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The Canadian Government Is Investing in Effort to Get more EVs on the Road

The government wants 20 percent of new vehicles sold in Canada to be "zero emission" by 2026 Automotive columnist: , Updated:

The Canadian government wants to see a significant increase in the number of electric vehicles on the road. To help achieve that, it has announced a series of measures, which have been generally well received by all those who want to see concrete action on climate change.

20 percent by 2026
The first important measure concerns the number of electric vehicles sold. Specifically, it is stipulated that 20 percent of new models put on sale by 2026 must be all-electric (or zero-emission). This is all part of Canada's plan to meet its previously laid-out 2030 emissions-reduction targets (40 percent below 2005 levels), and its goal of reaching carbon neutrality by 2050.

The plan, which was presented to Parliament yesterday by Environment Minister Steven Guilbeault, promises $9.1 billion in new investments to reduce pollution and stimulate the economy. The announcements are not just for the auto industry, but we’ll focus here on those components that directly affect the industry.

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$500 million on infrastructure, $400 million on charging stations
For example, in addition to that 20 percent target for EV sales by 2026 (which climbs to 60 percent by 2030 and 100 percent by 2035), $500 million will be spent on charging infrastructure through the Canada Infrastructure Bank (CIB). The government will provide an additional $400 million for the construction of charging stations. The goal is to add 50,000 units to the current network.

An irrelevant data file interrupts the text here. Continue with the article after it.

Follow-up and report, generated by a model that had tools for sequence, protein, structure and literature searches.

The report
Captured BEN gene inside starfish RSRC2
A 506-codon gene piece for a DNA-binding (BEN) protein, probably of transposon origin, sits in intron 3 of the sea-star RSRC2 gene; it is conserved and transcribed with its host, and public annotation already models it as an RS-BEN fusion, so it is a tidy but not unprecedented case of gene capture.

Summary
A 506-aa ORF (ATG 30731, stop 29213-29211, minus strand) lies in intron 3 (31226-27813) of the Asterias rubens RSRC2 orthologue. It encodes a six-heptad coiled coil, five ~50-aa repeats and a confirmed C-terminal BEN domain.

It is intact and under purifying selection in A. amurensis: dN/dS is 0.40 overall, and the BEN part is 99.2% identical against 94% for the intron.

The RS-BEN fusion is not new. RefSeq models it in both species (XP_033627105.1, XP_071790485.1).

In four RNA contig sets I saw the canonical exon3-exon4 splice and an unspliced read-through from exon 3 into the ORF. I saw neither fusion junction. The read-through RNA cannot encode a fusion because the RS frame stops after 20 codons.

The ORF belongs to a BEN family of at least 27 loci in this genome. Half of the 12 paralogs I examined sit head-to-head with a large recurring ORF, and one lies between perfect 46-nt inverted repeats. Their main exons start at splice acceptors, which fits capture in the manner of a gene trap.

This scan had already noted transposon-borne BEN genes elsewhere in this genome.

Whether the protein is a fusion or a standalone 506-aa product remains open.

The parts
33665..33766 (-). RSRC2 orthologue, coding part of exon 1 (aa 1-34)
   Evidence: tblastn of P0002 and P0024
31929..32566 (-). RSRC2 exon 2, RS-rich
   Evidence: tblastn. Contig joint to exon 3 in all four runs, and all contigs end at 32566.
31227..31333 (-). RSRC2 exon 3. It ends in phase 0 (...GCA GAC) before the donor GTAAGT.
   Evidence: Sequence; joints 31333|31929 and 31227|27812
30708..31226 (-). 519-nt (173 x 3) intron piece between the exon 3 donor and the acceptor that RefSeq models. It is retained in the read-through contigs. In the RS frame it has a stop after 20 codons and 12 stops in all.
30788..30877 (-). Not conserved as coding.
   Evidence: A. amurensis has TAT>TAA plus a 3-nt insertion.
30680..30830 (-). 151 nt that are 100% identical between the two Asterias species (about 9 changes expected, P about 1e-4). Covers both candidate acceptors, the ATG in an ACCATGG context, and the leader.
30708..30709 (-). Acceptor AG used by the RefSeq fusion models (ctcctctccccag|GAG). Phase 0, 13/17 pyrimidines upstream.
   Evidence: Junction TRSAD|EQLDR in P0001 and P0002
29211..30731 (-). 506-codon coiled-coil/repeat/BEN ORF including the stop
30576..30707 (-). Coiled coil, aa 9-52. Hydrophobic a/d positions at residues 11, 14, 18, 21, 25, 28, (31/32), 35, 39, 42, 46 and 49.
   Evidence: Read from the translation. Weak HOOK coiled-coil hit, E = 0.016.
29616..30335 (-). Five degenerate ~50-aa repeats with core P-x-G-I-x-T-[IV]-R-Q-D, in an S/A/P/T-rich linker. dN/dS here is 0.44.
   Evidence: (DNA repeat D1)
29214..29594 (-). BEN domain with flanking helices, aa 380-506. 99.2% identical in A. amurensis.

Within the plan, $1.7 billion will be used to expand (and extend for three years) the iZEV (Incentive for Zero Emission Vehicles) program, which currently provides a $5,000 rebate on the purchase of an eligible electric vehicle. It should be noted that Quebec has just made some adjustments to its Go Green program, but that it remains in effect until 2027.

At the heart of all of this is of course the desire to improve the accessibility of electric vehicles for Canadian consumers who wish to purchase one. At the moment, waiting times for new EVs, which can be as long as two or three years, border on the ridiculous.

There is also some disagreement among manufacturers on how to proceed and what is the right way to proceed. In short, nothing is simple and stakeholders are, naturally enough, protecting their interests. What is clear is that action must be taken, and these are concrete steps the government is now taking.